Turkish government takes steps to pare hotel debt

In January, Denizli Colossae Thermal Chairman Abdurrahman Karamanlıoğlu said hotels in Turkey's resort towns were "on the brink of bankruptcy."

Turkey's hospitality industry is struggling as worry over terrorism keeps guests away and as tensions with Russia—formerly a top source of international visitor traffic—continue to grow. 

In light of this, Turkey's government is taking steps to help out businesses directly tied to hospitality, specifically; helping ease their debt load.

Under a new government proposal, industry businesses would be allowed to postpone repayment of 288 million lira of credit. Without going into specifics, Prime Minister Ahmet Davutoglu said that Turkey will offer an additional 255 million lira of support to the industry as well as give tourism companies with annual sales of $700,000 or more access to benefits currently available to exporters.

Financing of hotels and restaurants accounted for 2.85 percent of total loans as of the end of December, the highest since at least 2003, according to data compiled by Bloomberg.

"Stocks of companies in the tourist industry erased this year’s losses on Monday, with the Borsa Istanbul Tourism Index rising as much as 3.9 percent before trading 1.9 percent higher at the close in Istanbul," Bloomberg wrote.

The debt relief would come on the heels of a grim fourth quarter, and—thus far—an unpromising first quarter 2016. According to the Turkish Statistics Institute, tourism revenues dropped by 14.3 percent in the fourth quarter of 2015. Worse yet, forecasts are predicting that a best-case scenario would see numbers from 2016 match those of 2015.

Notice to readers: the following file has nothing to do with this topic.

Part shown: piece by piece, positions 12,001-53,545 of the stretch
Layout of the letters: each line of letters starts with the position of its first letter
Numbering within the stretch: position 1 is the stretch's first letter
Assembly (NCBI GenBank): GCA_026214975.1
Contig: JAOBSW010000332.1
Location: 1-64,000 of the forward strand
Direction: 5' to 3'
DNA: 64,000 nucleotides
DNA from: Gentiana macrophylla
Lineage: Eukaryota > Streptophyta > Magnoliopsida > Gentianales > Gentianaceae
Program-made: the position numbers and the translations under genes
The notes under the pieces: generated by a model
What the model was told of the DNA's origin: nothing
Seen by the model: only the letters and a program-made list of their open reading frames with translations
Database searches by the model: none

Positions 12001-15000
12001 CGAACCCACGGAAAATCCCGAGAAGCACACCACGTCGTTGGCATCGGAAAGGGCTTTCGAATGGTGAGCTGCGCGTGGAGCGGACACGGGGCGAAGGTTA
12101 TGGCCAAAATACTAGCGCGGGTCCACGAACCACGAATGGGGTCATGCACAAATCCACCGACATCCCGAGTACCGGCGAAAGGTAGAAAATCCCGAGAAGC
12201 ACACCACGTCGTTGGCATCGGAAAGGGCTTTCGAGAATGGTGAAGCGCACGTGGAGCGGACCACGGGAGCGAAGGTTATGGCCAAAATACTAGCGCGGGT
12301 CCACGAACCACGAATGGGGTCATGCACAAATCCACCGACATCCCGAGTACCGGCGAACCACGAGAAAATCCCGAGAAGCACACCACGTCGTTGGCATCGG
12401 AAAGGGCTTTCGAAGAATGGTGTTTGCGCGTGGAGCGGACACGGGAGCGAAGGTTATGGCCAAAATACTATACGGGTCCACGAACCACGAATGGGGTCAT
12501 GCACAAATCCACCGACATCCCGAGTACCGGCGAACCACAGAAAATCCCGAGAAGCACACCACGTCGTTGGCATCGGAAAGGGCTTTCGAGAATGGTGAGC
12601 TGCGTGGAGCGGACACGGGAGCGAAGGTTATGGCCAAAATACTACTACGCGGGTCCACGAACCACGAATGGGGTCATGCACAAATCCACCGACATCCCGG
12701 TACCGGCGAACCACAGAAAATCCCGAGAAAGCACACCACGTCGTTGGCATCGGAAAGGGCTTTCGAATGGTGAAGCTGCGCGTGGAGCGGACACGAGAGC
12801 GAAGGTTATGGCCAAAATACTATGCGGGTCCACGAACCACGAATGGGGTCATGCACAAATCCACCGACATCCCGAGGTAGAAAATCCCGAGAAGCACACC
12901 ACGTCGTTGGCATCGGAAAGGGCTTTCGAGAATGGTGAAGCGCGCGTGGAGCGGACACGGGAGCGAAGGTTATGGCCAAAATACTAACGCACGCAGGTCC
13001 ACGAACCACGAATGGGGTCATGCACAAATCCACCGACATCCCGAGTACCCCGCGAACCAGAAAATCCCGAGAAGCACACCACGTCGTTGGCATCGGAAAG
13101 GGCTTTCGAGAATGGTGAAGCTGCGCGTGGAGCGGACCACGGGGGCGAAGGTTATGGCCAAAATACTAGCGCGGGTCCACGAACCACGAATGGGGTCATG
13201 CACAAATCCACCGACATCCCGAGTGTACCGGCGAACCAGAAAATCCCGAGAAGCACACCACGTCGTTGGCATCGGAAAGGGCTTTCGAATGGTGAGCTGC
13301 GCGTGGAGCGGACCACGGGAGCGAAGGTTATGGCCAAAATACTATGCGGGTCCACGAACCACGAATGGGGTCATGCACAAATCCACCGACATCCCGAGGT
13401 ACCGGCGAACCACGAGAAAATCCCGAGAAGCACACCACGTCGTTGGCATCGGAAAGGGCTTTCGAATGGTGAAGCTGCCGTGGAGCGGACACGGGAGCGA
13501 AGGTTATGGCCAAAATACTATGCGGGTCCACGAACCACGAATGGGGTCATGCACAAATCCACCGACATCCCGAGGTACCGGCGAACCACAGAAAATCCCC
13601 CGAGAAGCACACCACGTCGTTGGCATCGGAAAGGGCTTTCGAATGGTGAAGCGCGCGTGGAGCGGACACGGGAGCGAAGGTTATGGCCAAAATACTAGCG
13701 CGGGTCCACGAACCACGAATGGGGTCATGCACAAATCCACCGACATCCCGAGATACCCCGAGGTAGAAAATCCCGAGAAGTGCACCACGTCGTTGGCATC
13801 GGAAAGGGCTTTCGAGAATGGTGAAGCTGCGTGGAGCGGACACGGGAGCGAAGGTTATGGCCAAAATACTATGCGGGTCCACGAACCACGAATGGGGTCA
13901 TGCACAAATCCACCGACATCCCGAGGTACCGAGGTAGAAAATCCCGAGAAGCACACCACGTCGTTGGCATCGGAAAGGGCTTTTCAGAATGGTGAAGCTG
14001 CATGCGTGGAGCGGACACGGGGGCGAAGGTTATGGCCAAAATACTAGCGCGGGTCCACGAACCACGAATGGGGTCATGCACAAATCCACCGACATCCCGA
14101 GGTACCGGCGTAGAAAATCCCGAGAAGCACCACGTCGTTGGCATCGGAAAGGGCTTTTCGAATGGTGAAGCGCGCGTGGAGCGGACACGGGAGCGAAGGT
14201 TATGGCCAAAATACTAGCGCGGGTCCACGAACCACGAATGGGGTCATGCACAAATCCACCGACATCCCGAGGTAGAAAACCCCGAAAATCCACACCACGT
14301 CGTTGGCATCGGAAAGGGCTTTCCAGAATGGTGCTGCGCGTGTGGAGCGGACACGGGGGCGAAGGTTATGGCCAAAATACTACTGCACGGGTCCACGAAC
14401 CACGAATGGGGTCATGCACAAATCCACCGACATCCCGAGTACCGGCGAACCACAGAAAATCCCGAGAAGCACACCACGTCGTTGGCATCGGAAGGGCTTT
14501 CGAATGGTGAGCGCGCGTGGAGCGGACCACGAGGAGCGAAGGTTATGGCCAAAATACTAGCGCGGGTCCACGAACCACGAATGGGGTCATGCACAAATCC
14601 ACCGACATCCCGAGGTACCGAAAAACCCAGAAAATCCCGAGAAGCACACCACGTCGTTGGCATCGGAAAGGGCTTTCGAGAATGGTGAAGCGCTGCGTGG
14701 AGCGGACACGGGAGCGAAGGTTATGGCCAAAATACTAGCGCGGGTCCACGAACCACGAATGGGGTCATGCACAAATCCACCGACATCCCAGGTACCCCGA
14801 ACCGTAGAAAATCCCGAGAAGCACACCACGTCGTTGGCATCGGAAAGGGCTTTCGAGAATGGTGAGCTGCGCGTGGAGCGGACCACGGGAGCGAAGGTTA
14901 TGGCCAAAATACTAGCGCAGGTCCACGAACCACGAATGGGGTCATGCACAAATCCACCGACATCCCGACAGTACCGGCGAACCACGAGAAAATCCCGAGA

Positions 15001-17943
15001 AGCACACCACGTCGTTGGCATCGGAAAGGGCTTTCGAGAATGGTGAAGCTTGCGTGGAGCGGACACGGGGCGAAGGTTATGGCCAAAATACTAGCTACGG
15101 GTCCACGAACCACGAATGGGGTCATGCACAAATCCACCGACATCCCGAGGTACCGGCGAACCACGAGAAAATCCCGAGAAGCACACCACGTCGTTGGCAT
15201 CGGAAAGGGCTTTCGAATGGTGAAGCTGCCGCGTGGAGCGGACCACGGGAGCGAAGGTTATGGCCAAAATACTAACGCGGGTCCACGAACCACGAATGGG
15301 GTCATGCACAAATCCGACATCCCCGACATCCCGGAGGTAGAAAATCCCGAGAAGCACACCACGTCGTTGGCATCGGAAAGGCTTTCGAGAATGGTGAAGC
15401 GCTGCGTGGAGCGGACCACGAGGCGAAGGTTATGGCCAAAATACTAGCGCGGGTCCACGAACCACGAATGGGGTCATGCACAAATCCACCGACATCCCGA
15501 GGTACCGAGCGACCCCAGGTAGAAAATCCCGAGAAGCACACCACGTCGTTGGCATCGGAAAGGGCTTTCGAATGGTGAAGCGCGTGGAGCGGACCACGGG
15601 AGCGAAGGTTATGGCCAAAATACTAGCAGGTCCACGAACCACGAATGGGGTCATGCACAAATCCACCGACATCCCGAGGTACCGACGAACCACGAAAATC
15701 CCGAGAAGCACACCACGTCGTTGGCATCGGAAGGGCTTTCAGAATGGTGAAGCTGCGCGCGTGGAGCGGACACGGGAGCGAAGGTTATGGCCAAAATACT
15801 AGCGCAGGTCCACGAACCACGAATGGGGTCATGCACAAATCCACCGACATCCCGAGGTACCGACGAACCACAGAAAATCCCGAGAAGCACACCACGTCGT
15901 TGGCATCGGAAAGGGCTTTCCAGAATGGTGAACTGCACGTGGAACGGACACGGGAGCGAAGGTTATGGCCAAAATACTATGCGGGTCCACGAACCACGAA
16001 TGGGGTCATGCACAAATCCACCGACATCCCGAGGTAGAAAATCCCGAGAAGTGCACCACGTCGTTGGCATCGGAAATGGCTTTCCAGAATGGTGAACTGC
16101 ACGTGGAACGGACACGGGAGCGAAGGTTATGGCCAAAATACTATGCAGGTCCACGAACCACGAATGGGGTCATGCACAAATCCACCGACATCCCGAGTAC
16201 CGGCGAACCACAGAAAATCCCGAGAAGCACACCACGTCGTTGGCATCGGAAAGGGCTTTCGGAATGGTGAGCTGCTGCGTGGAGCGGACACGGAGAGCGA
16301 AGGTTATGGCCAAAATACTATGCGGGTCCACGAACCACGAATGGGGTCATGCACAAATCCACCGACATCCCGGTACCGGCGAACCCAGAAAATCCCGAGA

Ongoing violence in the country's southeast, known as Northern Kurdistan, including in the main city of Diyarbakir, has crippled the region's tourism industry. The head of the tourist union in Diyarbakir, Mehmet Akil, told Rudaw that a year ago, the area's hotels were sold out. “We had over 3,500 rooms [occupied]," he said. "At the moment, maybe less than 10 percent of the hotels are occupied,”

Late last month, as many as 1,318 hotels were on the market along the Aegean and Mediterranean coasts with the resort town of Antalya hit the hardest with 410 properties for sale. The provinces of Muğla (349), İzmir (203) Aydın (162), Balıkesir (139), Çanakkale (35) and Denizli (20) follow, according to Zaman.

The total sale price of the 410 hotels in Antalya amounts to 30 billion lira, while the remaining 908 have a total sale price of 8.8 billion lira.